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close this bookHandbook for Emergencies - Second Edition (UNHCR, 1999, 414 p.)
close this folder12. Site Selection, Planning and Shelter
View the document(introduction...)
View the documentOverview
View the documentIntroduction
View the documentOrganization of Response
View the documentCriteria for Site Selection
View the documentSite Planning: General Considerations
View the documentSite Planning: Specific Infrastructure
View the documentShelter
View the documentReception and Transit Camps
View the documentPublic Buildings and Communal Facilities


· Refugee shelter must provide protection from the elements, space to live and store belongings, privacy and emotional security;

· Blankets and clothing must be provided if necessary;

· Refugee housing should be culturally and socially appropriate and familiar. Suitable local materials are best, if available;

· Shelter must be suitable for the different seasons;

· Except for tents in certain circumstances, prefabricated or special emergency shelter has not proved to be a practical option on either cost or cultural grounds;

· Wherever possible, refugees should build their own housing, with the necessary organizational and material support.


71. Shelter must, at a minimum, provide protection from the elements, space to live and store belongings, privacy and emotional security. Shelter is likely to be one of the most important determinants of general living conditions and is often one of the largest items of non-recurring expenditure. While the basic need for shelter is similar in most emergencies, such considerations as the kind of housing needed, what materials and design are used, who constructs the housing and how long it must last will differ significantly in each situation.

72. Particularly in cold climates or where there are daily extremes of temperature, lack of adequate shelter and clothing can have a major adverse effect on health and nutritional status.

Thus, in addition to shelter, provision of sufficient blankets, appropriate clothing and heaters will be a high priority.

73. The first steps are to assess the adequacy of any emergency shelter arrangements refugees have already made themselves, and to meet immediate needs through provision of simple local materials.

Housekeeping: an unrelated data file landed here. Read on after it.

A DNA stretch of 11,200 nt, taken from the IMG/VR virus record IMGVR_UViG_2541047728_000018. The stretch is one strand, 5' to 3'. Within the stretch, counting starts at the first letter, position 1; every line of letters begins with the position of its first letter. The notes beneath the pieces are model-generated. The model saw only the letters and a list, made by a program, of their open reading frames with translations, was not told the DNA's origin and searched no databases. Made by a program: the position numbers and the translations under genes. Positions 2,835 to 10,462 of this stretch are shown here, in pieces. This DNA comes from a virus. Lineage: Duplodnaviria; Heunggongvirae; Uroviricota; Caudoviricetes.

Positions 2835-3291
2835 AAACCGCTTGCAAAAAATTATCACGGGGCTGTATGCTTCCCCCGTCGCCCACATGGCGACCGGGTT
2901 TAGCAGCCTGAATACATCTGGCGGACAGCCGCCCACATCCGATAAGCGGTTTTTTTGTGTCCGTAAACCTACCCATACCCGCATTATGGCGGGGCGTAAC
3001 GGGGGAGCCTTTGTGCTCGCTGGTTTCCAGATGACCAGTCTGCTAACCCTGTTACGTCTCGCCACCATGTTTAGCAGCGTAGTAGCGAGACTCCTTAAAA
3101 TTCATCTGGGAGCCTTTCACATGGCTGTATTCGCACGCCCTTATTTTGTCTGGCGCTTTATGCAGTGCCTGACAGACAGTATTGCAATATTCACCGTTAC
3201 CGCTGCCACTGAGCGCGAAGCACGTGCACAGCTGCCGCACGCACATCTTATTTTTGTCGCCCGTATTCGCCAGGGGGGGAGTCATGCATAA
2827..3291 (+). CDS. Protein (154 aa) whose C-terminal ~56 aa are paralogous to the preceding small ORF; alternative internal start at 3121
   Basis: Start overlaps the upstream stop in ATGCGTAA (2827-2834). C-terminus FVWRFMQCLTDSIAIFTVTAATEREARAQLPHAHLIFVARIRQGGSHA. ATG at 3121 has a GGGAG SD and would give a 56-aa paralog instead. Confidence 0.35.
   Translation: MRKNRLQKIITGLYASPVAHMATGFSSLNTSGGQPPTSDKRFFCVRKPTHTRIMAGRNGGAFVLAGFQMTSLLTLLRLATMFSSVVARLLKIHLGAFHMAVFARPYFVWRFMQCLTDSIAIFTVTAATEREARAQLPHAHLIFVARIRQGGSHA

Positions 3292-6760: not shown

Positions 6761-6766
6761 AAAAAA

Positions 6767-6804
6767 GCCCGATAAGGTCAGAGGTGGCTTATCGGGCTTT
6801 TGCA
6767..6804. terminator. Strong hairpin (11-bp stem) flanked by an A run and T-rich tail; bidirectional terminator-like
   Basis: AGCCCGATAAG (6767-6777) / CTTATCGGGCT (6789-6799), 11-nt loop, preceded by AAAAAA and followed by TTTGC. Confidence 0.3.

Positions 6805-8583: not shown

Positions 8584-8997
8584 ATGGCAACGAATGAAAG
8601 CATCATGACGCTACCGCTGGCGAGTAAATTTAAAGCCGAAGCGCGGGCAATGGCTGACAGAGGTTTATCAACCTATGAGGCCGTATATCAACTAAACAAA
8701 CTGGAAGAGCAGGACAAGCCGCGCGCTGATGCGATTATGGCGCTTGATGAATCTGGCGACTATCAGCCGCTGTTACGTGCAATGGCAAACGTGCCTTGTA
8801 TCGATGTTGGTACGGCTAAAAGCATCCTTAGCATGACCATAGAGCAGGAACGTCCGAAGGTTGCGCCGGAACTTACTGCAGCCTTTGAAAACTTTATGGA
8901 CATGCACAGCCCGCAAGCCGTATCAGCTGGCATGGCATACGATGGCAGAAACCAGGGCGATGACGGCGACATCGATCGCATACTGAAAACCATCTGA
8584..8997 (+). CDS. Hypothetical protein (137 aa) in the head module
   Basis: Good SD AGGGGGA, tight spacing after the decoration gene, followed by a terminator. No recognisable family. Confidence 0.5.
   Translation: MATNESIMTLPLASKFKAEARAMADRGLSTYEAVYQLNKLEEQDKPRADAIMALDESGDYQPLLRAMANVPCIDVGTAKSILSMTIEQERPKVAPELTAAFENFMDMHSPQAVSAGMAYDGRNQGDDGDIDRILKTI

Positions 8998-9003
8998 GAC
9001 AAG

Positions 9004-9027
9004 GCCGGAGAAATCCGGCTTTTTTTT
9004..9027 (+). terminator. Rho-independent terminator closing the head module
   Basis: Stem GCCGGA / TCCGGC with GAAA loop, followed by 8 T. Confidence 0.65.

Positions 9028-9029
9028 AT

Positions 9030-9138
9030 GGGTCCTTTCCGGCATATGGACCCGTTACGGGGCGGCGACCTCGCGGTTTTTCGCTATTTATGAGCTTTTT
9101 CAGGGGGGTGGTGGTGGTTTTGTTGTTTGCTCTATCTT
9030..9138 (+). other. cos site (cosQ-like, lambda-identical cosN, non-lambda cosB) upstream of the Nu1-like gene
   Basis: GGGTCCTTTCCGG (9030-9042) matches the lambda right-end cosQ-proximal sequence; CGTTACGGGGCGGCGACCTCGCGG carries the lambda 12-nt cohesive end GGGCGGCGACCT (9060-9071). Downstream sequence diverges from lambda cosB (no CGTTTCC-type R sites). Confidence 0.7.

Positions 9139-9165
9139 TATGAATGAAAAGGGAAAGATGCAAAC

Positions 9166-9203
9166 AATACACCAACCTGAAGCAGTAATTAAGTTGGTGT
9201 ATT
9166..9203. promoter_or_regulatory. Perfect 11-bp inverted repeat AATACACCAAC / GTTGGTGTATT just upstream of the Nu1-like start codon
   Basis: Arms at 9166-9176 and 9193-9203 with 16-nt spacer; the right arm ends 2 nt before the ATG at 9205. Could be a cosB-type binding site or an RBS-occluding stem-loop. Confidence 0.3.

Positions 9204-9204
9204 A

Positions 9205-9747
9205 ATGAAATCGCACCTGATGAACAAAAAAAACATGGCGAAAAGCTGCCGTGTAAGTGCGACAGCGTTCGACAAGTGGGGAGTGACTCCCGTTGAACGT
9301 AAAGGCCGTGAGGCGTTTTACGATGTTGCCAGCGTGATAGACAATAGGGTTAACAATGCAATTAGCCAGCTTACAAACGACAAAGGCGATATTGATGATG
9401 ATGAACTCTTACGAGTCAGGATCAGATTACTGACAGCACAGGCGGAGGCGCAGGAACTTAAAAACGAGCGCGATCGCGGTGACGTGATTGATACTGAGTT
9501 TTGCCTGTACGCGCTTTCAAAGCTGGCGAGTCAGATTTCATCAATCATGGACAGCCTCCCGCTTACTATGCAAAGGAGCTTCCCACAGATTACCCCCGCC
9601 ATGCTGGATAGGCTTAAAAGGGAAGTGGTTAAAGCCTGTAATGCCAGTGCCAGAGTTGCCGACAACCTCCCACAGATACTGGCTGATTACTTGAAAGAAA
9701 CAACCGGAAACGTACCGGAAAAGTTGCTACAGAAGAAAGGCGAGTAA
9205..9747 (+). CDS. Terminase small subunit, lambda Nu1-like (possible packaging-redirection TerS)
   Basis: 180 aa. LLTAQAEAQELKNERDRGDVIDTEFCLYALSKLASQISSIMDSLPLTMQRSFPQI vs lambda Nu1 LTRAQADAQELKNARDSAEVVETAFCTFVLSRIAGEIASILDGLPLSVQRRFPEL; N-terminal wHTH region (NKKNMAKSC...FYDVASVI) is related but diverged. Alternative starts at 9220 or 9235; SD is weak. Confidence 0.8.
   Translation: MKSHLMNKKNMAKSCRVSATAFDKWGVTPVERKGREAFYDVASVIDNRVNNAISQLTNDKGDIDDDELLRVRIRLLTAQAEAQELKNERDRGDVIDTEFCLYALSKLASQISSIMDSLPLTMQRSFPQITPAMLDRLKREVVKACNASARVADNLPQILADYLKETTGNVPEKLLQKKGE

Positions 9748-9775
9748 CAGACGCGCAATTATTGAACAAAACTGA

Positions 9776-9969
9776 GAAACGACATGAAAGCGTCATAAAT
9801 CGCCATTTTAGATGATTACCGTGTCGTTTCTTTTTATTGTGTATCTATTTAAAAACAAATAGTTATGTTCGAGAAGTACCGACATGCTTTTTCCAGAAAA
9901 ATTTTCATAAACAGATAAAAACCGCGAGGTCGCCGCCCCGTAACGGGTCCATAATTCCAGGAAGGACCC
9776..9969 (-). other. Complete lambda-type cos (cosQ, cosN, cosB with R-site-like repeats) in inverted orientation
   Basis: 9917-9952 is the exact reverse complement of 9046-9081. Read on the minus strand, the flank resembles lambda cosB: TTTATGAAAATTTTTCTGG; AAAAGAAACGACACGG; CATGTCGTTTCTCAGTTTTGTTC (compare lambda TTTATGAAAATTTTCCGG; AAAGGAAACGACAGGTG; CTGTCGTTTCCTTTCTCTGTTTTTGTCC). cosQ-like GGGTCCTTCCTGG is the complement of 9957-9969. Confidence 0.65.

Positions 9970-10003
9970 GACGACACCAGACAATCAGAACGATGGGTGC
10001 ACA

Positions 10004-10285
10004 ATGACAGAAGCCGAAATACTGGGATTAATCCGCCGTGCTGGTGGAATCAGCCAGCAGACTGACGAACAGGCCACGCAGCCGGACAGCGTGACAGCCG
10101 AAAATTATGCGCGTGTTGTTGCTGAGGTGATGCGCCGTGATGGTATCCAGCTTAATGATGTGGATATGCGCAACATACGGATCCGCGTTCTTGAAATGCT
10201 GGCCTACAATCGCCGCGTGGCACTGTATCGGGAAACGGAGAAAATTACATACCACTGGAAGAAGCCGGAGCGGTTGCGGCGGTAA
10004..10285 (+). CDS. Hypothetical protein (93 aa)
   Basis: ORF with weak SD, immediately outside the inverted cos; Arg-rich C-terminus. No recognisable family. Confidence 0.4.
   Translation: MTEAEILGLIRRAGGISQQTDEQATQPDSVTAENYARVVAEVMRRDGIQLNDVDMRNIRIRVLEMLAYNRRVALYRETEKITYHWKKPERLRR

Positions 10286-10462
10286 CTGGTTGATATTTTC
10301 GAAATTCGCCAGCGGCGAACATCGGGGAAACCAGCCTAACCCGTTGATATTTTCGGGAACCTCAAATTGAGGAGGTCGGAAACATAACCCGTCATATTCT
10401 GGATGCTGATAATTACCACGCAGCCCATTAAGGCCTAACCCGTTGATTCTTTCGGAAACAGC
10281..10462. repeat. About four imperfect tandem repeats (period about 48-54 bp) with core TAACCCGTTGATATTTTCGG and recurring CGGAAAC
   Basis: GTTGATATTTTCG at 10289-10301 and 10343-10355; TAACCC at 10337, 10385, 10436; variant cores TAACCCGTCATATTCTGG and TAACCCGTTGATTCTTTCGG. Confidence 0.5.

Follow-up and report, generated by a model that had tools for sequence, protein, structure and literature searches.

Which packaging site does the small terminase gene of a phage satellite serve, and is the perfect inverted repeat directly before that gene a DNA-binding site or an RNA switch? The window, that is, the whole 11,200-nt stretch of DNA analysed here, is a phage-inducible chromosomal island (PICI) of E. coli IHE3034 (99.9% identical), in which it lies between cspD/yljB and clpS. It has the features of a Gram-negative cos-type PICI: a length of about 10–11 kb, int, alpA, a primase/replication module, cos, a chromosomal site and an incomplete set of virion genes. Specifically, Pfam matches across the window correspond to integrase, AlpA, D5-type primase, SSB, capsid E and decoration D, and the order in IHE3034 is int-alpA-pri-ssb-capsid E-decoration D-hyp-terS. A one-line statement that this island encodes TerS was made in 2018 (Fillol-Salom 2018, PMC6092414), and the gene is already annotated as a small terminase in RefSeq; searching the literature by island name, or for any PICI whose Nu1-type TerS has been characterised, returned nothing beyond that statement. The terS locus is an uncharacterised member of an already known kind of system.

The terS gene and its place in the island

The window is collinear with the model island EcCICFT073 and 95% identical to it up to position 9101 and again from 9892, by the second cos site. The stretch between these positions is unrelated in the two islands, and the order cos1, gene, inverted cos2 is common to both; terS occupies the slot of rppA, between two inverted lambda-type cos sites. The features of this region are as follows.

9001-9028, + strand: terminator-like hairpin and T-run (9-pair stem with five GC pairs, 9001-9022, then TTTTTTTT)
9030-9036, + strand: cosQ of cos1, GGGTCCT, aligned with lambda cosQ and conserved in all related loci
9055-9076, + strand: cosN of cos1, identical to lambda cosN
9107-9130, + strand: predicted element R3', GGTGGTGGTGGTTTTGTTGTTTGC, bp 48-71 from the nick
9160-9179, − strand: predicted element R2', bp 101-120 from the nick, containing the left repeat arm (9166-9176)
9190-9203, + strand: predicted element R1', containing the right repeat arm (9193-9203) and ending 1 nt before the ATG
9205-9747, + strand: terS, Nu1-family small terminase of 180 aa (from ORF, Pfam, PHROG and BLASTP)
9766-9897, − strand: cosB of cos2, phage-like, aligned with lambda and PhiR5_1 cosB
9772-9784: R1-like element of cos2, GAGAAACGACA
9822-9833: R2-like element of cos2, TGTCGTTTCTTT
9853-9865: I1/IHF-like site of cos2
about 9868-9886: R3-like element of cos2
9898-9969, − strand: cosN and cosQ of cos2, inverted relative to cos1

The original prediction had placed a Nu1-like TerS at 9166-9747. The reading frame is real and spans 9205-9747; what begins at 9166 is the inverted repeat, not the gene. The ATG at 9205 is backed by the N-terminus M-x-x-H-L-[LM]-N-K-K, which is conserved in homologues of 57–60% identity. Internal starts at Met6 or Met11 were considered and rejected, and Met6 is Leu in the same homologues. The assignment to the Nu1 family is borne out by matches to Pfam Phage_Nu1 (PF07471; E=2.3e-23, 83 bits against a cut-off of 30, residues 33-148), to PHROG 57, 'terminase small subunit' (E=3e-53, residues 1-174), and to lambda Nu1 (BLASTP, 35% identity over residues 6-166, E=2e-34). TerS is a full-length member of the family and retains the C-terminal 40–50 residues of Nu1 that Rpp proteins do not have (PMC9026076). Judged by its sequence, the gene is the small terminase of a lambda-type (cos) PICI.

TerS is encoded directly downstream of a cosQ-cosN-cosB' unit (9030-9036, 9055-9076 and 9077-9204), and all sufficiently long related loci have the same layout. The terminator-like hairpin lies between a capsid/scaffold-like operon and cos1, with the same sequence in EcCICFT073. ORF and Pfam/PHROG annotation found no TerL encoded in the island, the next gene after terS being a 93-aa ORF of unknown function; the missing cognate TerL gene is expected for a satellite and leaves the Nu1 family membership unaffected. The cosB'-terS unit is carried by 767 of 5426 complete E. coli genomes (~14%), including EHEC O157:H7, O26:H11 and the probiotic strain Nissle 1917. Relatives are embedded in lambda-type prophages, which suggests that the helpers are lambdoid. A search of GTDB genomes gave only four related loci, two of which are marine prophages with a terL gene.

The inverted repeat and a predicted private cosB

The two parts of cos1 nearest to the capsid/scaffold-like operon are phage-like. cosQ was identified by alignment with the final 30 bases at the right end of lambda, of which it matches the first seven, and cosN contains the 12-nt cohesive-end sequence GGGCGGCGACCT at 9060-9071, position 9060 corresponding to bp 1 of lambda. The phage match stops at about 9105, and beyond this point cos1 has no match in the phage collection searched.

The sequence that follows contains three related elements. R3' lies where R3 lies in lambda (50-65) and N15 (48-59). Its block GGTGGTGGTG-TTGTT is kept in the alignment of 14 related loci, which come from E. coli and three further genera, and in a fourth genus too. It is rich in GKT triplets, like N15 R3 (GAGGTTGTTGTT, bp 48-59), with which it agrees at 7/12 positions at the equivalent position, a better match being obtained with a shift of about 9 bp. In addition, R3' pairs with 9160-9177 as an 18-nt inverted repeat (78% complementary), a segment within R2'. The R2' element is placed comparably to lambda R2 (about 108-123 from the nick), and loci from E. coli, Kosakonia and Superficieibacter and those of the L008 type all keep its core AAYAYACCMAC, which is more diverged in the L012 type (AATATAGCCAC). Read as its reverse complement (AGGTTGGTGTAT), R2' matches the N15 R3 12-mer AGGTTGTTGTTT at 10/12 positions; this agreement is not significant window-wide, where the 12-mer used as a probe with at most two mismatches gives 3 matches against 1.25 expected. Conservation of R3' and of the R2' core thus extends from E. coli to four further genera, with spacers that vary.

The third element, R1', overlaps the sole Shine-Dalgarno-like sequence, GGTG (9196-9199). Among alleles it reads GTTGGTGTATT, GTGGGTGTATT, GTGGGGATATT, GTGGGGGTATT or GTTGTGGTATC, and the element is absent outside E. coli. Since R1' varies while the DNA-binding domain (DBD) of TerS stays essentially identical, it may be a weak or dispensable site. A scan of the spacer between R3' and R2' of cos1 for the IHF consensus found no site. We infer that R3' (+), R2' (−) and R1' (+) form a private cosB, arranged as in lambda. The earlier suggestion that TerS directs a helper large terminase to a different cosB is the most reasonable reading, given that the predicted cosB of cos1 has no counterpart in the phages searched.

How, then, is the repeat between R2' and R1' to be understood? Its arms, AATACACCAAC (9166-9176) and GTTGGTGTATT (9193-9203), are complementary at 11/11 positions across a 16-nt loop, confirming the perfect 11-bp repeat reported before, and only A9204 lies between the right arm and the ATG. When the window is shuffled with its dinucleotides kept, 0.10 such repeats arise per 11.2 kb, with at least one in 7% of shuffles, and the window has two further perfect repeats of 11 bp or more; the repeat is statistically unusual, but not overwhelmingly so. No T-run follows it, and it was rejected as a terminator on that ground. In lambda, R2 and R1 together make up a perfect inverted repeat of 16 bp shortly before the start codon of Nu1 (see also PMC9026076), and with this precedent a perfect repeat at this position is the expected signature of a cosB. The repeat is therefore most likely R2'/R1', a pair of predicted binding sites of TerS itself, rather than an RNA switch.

The key to providing an adequate shelter is provision of a roof.

If materials for a complete shelter cannot be provided, provision of adequate roof materials will be the priority, as walls can usually be made of earth or other materials found on site or locally available.

74. Wherever possible, refugees should build or assist in building their own housing, with the necessary organizational and material support. This will help to ensure that the housing will meet their particular needs, will reduce their sense of dependence, and can cut costs considerably.

Type of Shelter

75. Individual family shelter should be always preferred to communal accommodation as it provides the necessary privacy, psychological comfort, emotional safety and a territorial claim for future security. It provides safety and security for people and possessions and helps to preserve or rebuild family unity.

76. Emergency shelter needs are best met by using the same materials or shelter as would be normally used by the refugees or the local population. Only if adequate quantities cannot be quickly obtained locally should emergency shelter material be brought into the country. The simplest structures, and labour-intensive building methods, are to be preferred. Materials should be environmentally benign or gathered in a sustainable manner.


77. At the beginning of an emergency, the aim should be to provide sufficient materials to the refugees to allow them to construct shelter meeting at least the minimum standards for floor space, which in emergencies are:

i. minimum of 3.5 m2 per person in tropical, warm climates, excluding cooking facilities or kitchen (it is assumed that cooking will take place outside);

ii. 4.5 m2 to 5.5 m2 per person in cold climates or urban situations including the kitchen and bathing facilities.

78. The design of shelter should if possible provide for modification by the occupants to suit their individual needs. In cold climates, for example, it is very likely that people, in particular children and old people, remain inside the shelter throughout the day, hence more space is required.

Plastic Sheeting

79. Plastic sheeting has become the most important shelter component in many relief operations. In urban areas roofs can be repaired with specialized UV-resistant heavy duty plastic sheeting. Windows can be repaired with translucent reinforced panels. Tents and emergency shelters can be covered with highly reflective UV-resistant woven plastic tarpaulins.